Global soccer’s governing body FIFA secured overall revenues of $1.17 billion during the 2023 financial year, it has unveiled.

Although this represented a substantial year-on-year loss from the 2022 total of $5.76 billion, the latter figure came following the Qatar 2022 FIFA World Cup, with that quadrennial men’s competition having grown into far-and-away FIFA’s largest commercial draw. As such, a significant drop in the 2023 revenue figure was always expected.

2023, meanwhile, contained a FIFA Women’s World Cup (WWC) as its showpiece event.

In terms of the different revenue streams, $455.9 million came from marketing rights, $267.2 million from broadcast rights sales, $181.1 million from licensing rights, and $80.1 million as a result of hospitality rights and ticket sales. Of that last figure, $43 million came from the WWC, held across Australia and New Zealand in June and July (which broke FIFA WWC ticket sales records). Other revenue, meanwhile, came to $186 million.

FIFA commented, in its 2023 annual report in which the figures were released, that the total revenue figure represented a significant rise (of 53%) on the $768 million it secured in 2019. That year is the most comparable, given it contained a WWC and also came a year after a men’s event.

In terms of the most significant increases in revenue from 2019 to 2023, the 2019 marketing rights figure only came to $164.8 million – last year’s figure, therefore, represents a significant increase.

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FIFA filled its sponsorship quota for last year’s WWC, with the tournament being partnered by 30 brands in total. Five of these were top-tier FIFA partners, who last year paid $254.7 million as opposed to $762.5 million in 2013.

FIFA has said that the revenue in that sector came to 101% above budget.

Licensing revenue also increased, up from $159.5 million (and again exceeding the budget, this time by $21 million), but broadcast rights fees actually decreased last year, having amounted to $342.6 million in 2019.

This came after FIFA, as well as various national governments, had to put public pressure on broadcasters in a number of key European markets to buy rights for the tournament.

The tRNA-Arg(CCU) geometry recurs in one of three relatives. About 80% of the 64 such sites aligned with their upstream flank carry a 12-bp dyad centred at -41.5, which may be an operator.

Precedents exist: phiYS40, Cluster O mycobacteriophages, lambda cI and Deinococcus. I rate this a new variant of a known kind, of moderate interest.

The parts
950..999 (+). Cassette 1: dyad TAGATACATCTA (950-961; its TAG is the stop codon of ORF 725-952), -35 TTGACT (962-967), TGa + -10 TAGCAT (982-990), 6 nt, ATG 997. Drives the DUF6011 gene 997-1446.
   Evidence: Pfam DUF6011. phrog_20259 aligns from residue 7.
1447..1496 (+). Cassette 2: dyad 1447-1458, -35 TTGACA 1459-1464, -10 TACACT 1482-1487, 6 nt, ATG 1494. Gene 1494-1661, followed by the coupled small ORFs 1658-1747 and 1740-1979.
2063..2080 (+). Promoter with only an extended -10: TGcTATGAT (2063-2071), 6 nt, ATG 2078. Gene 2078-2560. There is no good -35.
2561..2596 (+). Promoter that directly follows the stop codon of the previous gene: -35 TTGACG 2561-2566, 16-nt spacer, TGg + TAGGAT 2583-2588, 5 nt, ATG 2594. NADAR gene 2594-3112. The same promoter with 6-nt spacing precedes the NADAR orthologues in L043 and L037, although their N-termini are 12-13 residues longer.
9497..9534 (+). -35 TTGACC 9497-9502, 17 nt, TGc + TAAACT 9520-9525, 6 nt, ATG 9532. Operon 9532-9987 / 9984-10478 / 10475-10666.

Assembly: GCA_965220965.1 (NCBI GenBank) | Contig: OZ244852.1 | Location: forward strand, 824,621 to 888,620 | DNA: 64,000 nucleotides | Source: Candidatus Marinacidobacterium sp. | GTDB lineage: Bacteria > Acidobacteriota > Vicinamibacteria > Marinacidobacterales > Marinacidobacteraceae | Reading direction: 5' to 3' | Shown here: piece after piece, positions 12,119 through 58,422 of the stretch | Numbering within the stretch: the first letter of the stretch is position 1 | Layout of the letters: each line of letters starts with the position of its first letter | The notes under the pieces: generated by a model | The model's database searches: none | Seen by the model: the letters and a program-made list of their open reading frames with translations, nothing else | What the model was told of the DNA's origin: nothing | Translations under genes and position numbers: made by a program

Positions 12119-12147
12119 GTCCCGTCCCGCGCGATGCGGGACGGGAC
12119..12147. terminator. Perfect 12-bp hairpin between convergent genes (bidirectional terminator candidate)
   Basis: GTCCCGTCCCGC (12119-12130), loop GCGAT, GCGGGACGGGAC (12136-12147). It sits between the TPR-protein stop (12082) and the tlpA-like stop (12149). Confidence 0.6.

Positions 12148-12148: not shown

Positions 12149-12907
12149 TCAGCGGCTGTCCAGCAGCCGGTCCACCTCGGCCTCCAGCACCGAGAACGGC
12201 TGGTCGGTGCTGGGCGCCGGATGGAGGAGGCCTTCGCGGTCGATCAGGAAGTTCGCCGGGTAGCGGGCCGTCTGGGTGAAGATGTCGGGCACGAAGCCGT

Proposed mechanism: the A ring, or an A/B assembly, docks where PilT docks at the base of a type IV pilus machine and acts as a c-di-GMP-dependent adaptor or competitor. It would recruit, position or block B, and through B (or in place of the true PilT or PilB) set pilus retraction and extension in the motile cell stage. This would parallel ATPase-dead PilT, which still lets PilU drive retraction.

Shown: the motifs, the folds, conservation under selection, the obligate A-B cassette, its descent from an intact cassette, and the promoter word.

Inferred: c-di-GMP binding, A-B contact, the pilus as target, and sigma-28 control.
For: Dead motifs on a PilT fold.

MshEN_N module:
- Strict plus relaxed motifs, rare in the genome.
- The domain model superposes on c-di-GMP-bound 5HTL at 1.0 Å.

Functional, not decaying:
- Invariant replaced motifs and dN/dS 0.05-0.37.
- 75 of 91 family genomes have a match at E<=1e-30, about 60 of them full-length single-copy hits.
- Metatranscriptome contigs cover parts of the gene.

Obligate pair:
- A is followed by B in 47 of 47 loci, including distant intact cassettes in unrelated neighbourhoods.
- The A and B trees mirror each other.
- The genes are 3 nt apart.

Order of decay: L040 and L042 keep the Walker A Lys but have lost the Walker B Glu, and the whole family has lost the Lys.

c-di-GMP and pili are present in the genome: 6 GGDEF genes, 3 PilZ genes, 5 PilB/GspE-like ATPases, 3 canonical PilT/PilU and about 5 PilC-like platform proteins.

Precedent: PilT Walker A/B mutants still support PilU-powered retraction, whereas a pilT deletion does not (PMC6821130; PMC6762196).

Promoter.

This followed a lengthy standoff, during which broadcasters failed to stump up the amount which FIFA had originally asked for, to cover women’s soccer’s showpiece event.

In the end, the region where the most broadcast revenues were generated last year was Asia and North Africa ($63.8 million).

FIFA has commented on this sector by saying that it has “adapted its media rights sales strategy by taking a more comprehensive and detailed approach to the market.”

In terms of ticketing and hospitality rights income, meanwhile, $37 million in sales from this sector for the 2022 men’s World Cup was also added into last year’s total.

For the other revenue sector, this came mainly from two editions of the FIFA Club World Cup last year, the governing body has said.

In terms of expenses and costs, FIFA has said that last year’s WWC expenses came to $498.7 million, as opposed to $156.9 million for the 2019 edition in France.

Switzerland-based FIFA has said its net result for 2023 was a loss of $390.5 million.

2023 was the first year of a new FIFA cycle (2023-26), and FIFA has said its results this year “exceeded the budget by a significant 45%.”

The body also said it is “well on-track” to reach its total budgeted revenue of $11 billion across 2023-26.